The violent land

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Knopf, 1965 - Fiction - 336 pages
5 Reviews

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Review: Violent Land

User Review  - Samantha - Goodreads

I really like the portuguese writing. I could felt the tension between the character. My favorite character is Joćo who shows a little bit of brazilian way of run of the polemic situation Read full review

Review: Violent Land

User Review  - Anastasia Gurinovich - Goodreads

My first Brazilian book. Lots of death, passion, love, betrayal, and the most of all lots of cacao. In the end the best cacao grew on the land "fertilized" with blood. Read full review

Contents

The Boat
1
The Forest
3
Beside the Sea
191
Copyright

3 other sections not shown

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About the author (1965)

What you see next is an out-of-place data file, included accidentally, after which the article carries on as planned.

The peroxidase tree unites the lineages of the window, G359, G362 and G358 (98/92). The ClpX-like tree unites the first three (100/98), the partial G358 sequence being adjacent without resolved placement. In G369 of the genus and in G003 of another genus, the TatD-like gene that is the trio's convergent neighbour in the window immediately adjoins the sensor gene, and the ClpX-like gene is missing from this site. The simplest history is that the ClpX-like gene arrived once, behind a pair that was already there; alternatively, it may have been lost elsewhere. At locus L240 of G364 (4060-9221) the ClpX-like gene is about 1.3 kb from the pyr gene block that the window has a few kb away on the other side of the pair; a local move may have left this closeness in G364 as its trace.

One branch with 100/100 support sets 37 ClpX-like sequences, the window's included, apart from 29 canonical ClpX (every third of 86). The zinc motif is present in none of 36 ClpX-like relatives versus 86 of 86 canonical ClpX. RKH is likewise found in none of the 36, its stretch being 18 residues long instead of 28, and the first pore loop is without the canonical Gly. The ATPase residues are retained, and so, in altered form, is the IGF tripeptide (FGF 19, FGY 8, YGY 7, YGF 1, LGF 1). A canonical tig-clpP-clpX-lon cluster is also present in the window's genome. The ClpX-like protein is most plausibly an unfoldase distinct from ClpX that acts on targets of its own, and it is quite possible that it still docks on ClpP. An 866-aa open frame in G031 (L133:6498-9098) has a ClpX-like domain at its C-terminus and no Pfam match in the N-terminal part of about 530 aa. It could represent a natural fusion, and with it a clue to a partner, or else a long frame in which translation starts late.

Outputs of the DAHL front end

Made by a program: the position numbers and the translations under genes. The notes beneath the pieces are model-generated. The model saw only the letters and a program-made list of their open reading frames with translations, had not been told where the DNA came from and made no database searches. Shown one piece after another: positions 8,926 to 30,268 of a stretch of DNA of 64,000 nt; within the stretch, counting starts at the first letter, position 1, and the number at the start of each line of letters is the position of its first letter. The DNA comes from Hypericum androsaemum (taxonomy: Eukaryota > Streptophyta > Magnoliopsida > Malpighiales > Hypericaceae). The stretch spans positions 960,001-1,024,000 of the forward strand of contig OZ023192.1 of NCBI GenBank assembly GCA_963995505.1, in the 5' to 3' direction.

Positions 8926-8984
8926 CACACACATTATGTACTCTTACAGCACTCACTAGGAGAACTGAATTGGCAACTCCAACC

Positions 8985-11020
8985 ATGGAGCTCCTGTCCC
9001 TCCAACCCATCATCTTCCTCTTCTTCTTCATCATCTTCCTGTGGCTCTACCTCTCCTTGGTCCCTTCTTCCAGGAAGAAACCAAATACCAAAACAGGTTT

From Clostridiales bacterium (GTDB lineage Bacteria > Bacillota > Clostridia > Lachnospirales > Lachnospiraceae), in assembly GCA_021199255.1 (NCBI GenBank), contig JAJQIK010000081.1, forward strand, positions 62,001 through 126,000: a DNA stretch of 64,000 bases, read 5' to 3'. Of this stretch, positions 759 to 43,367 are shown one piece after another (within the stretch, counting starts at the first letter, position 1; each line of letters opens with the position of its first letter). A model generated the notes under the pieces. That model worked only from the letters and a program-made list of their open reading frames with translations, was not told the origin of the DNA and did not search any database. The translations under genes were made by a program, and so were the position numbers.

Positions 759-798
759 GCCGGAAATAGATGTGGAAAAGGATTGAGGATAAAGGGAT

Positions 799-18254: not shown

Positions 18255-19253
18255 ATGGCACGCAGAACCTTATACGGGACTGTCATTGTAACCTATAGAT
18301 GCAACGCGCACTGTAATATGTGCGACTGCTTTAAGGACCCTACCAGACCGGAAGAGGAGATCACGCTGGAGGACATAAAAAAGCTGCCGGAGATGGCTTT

Jorge Amado, August 10, 1912 - August 6, 2001 Elected to the Brazilian Academy of Letters, Jorge Amado possesses a talent for storytelling as well as a deep concern for social and economic justice. He was born in Bahia, Brazil, in 1912. Some critics claim that his early works suffer from his politics. Others commonly express reservations concerning Amado's sentimentality and erotico-mythic stereotyping. In the works represented in English translation, his literary merits prevail. The Violent Land (1942) chronicles the development of Brazilian territory and struggles for its resources, memorializing the deeds of those who built the country. Gabriela, Clove and Cinnamon (1958), which achieved critical and popular success in both Brazil and the United States, tells a sensual love story of a Syrian bar owner and his beautiful cook. Home Is the Sailor (1962) introduces Captain Vasco Moscoso de Aragao, a comic figure in the tradition of Don Quixote. In Dona Flor and Her Two Husbands (1966), Amado introduced the folk culture of shamans and Yorube gods. The protagonists of Shepherds of the Night (1964) are Bahia's poor.

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